Tibetan activist Adak poses with a Tibetan flag in Kathmandu, Nepal.

A Tibetan activist in Nepal was detained for nearly 10 days by Nepalese police and threatened with deportation after he posted a picture of himself with a Tibetan flag on Facebook in early March, and wrote to international embassies in Kathmandu about human rights concerns in Tibet. There are increasing dangers for Tibetans in Nepal as the Nepalese authorities deepen their relationship with China, with rumors of a high-level Chinese delegation visit to Kathmandu soon.

Three days after posting the image, the Tibetan activist, Adak, was near the Boudha stupa in Kathmandu when he was approached by police, he told ICT. They showed him the photograph and when he confirmed that it was his picture in response to their query, they took him into custody. Adak, who is in his early forties, said that he was slapped and kicked in the process but was not further beaten in custody. He said that police threatened to deport him to Tibet. Prior to his arrest at Boudha, Adak had also taken photographs of police at a nearby Buddhist monastery, according to Nepalese human rights supporters who helped to facilitate his release.

Adak was held from March 14 to March 22, when he was released after the Nepalese human rights organization, HURON, intervened on his behalf. Adak is a member of a small group of Tibetans, the Tibetan Volunteers Group in Nepal, who were involved in arranging peaceful protests from 2008 in response to the violent crackdown following the wave of mostly peaceful protests that spread across Tibet.

Adak told ICT that for the past three years or more it has been too dangerous for the group to carry out any form of peaceful protest due to China’s influence in Nepal. The letter to the embassies and photographs on social media are different and lower profile forms of advocacy that they had sought to adopt. The letter to the international embassies in Kathmandu expressed the Tibetans’ distress and concern about the deteriorating human rights situation in Tibet at the time of the March 10 anniversary of the 1959 Uprising and 2008 protests. They raised the case of Tibetan language advocate Tashi Wangchuk, imprisoned following a video by the New York Times, and concluded by saying: “As Tibetans in Nepal, […] we call upon you to press Beijing to urgently cease the implementation of aggressive measures that are exacerbating the extreme situation.”

“I don’t know how the Nepalese police knew about the photo on Facebook,” Adak told ICT. “We can only assume it is interference from the Chinese. Nowadays the situation for Tibetans in Nepal is almost the same as for Tibetans in Tibet.” After his release Adak was admitted to hospital and put on a glucose drip, as his health was affected by his period in custody. For his own safety, he has now left Nepal for India during the politically sensitive anniversary month of March.

Strengthened economic and political ties with the Nepalese government, including the formal involvement of Nepal with Xi Jinping’s ambitious ‘One Belt One Road’ plan, have led to a contracting space and dangers for Tibetans in Nepal as the Nepalese authorities deepen their relationship with their more powerful neighbor.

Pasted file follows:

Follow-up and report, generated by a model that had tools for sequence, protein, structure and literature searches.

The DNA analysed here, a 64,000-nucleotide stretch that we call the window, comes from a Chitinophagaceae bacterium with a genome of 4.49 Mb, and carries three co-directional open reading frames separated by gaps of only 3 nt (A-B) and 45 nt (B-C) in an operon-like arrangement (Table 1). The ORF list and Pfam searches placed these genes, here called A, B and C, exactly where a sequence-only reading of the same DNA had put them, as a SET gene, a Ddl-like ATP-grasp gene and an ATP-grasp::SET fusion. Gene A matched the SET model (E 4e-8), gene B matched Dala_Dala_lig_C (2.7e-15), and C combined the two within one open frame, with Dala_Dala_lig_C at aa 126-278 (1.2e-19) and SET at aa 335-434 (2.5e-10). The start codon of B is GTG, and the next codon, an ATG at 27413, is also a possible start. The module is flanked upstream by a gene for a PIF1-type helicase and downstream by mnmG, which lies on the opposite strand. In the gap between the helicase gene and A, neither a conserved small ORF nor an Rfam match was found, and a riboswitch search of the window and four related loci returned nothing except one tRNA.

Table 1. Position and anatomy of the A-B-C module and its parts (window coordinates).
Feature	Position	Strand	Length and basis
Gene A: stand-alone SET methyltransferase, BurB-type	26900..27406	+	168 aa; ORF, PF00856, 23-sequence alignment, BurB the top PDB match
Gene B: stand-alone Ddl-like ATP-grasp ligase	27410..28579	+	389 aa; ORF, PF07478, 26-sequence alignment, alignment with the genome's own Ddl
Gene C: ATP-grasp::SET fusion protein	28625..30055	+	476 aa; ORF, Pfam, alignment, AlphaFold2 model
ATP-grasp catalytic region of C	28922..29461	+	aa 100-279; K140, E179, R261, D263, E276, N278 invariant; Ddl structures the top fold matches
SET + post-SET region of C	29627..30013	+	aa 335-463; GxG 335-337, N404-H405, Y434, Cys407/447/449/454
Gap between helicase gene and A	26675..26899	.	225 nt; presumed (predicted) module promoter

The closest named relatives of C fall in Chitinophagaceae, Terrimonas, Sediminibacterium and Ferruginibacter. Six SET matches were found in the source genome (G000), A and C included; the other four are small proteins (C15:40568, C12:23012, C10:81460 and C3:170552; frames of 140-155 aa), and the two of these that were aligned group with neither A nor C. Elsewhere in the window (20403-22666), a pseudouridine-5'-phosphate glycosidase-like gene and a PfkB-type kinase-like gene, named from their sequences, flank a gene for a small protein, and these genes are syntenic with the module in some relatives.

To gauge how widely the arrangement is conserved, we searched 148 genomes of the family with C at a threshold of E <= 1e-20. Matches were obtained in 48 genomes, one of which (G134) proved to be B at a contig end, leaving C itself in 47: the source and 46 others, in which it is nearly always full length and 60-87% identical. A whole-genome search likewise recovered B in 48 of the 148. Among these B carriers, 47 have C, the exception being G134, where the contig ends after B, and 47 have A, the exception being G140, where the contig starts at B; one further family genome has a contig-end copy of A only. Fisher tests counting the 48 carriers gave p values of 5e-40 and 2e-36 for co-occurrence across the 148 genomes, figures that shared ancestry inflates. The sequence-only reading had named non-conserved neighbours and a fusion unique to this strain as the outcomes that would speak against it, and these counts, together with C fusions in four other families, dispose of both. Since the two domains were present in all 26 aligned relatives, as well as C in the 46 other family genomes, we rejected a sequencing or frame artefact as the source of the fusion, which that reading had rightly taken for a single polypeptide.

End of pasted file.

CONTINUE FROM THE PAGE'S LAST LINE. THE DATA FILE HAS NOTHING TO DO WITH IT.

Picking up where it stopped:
There is a direct correlation between the deepening investment and aid from China and the vulnerabilities of Tibetans in Nepal, acknowledged openly by Bejing when it described its investment as a reward to Nepal for its “important role in guarding against Tibetan separatists” according to a report in the Chinese state media last year.[1] There has been a dramatic decline in Tibetan refugee arrivals and continued inaction on the status of Tibetan refugees; thousands of Tibetans remain stateless and in political limbo in Nepal.

Matteo Mecacci, President of the International Campaign for Tibet, said: “There is no justification for the detention and intimidation of a Tibetan who did nothing more than post a picture of himself and participate in writing a reasonable letter to the international community in Nepal. It is a shameful act that does not serve Nepal’s international reputation. For centuries, Tibet and Nepal have shared cultural, trade and religious links across the Himalayas. It is long overdue for the Nepal government to respect Tibetans’ fundamental rights and freedoms in accordance with Nepali domestic and international law, particularly as Nepal began a three-year term as a member of the U.N. Human Rights Council this January.”

The combination of China’s political strength and Nepal’s relative weakness has left Nepal’s Tibetan population little to rely on in the way of protection as their legal status has been delegitimized and their representative and welfare offices are under pressure. Nepal may not have completely capitulated to Chinese pressure, and its strong connections to India endure, but what few sources of protection remain for Tibetans are increasingly fragile.

Matteo Mecacci said: “The embassies who received the letter from the Tibetan Volunteers Group should work multilaterally to press the Nepal government to implement a formal protection policy for Tibetans in Nepal that regularizes their status and provides them with the documentation they need.”

Last year, Nepal was elected by the UN General Assembly to a three-year term as a member of the Geneva-based Human Rights Council (UNHRC), beginning on January 1 (2018). In this context, it should indicate its commitment to follow recommendations made in previous Universal Periodic Reviews to ensure documentation of Tibetan refugees living in Nepal, and protection of their rights to freedom of expression and assembly.[2]

[1] Global Times, August 14, 2017, http://www.globaltimes.cn/content/1061315.shtml

[2] International Campaign for Tibet report, ‘United Nations: Nepal urged not to return Tibetans to China’ January 27, 2011, https://www.https://savetibet.org/united-nations-nepal-urged-not-to-return-tibetans-to-china/